image curtesy of Functional Nutrition Alliance

2. Thyroid Health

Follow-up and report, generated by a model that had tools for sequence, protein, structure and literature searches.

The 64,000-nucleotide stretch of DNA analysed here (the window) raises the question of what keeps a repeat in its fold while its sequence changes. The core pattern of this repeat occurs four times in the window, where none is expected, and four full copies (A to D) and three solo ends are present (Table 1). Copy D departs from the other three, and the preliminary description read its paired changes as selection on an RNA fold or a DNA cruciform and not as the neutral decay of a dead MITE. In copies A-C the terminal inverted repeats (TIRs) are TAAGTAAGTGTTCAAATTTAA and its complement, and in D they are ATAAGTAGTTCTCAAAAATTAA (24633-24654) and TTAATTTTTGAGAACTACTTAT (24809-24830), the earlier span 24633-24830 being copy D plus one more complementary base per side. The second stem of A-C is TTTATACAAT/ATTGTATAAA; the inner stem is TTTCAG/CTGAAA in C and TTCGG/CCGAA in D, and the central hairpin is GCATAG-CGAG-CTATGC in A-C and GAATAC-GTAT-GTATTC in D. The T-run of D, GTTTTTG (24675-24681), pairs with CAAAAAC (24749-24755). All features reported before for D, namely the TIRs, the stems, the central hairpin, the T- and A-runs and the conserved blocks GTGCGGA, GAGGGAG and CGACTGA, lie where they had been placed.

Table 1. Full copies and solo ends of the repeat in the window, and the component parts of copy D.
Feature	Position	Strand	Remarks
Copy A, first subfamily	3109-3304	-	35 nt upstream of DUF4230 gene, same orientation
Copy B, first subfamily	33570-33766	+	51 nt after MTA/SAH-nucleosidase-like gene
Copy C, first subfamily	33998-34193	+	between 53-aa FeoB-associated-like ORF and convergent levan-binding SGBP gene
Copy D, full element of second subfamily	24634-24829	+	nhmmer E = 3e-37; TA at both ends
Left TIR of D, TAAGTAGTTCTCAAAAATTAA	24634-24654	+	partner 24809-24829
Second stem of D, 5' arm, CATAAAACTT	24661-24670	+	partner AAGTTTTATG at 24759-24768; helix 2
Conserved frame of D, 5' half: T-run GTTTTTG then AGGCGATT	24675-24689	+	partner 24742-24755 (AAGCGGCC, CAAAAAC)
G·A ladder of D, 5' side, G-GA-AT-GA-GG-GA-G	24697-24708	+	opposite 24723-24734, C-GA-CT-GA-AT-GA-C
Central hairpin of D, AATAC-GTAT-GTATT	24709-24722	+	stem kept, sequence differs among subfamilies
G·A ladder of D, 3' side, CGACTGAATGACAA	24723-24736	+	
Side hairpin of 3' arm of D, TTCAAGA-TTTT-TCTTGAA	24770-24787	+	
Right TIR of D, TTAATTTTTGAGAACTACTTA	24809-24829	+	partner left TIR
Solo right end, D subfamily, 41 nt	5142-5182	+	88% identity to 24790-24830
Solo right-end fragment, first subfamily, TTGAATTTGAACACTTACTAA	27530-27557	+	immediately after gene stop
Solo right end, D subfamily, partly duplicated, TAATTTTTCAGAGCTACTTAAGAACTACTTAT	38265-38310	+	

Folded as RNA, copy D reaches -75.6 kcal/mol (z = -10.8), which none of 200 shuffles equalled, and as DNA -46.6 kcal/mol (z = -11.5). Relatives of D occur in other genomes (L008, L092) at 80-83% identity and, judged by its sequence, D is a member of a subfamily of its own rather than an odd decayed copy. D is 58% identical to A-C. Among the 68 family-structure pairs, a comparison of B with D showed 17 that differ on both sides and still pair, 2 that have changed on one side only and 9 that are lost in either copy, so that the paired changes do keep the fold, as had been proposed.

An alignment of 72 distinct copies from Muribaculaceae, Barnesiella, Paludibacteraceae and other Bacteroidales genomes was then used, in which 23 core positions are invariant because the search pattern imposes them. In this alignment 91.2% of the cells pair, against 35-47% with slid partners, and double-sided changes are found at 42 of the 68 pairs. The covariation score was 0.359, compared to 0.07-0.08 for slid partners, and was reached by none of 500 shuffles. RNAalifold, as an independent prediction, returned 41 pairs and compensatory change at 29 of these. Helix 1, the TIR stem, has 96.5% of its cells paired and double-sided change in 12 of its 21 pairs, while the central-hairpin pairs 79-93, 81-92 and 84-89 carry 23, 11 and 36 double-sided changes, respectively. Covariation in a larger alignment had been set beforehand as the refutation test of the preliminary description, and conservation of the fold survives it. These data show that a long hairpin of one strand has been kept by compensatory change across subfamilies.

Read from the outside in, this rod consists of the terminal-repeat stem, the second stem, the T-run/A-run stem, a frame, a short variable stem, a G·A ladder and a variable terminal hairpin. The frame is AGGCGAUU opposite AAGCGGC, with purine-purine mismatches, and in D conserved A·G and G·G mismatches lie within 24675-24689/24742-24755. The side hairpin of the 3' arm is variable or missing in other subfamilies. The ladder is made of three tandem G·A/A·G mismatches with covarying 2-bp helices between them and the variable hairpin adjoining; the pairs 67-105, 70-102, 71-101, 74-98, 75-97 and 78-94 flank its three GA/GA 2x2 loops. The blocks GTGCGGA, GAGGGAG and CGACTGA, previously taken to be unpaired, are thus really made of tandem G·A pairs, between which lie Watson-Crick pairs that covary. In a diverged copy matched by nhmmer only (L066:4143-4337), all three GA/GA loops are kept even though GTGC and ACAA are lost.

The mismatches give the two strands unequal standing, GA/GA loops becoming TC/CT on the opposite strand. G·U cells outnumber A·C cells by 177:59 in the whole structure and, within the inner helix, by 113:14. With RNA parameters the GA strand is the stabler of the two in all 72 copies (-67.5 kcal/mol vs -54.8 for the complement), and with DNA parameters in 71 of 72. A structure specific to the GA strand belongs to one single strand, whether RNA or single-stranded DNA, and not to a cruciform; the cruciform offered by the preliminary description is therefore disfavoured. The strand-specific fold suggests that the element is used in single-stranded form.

Our thyroid impacts our metabolism and how we use protein, carbs, and fat to make energy, it impacts our oxygen consumption, our sodium/potassium regulation, cardiovascular function, red blood cells, digestion, and is used by every cell in our body. 1, 2. If we do not have enough thyroid hormone or cannot properly use our thyroid hormone our entire body will slow down and fatigue is a common symptom. Our thyroid depends on clear communication between our brain and our thyroid (the HPT axis), it depends on having the proper nutrients to make thyroid hormones (which also includes how well we are digesting and absorbing those nutrients), on our microbiome to convert thyroid hormone to a usable form, if we have antibodies to our thyroid gland or antibodies to certain thyroid enzymes, and on our cell’s ability to receive and use thyroid hormone 3. If any part of the system is not functioning optimally, even if there is not a diagnosable disease to treat, or even if someone is taking thyroid hormone but not utilizing it well, energy will be impacted. Getting a clear idea of thyroid function and making sure your thyroid has what it needs to function is an important step to optimize energy and one that affects women considerably more than men. Even if your TSH looks perfect there could be more at play. Food and lifestyle are key players in the thyroid system (HPT) and getting a full thyroid panel is key if there are energy issues or any signs of a slow down in the body.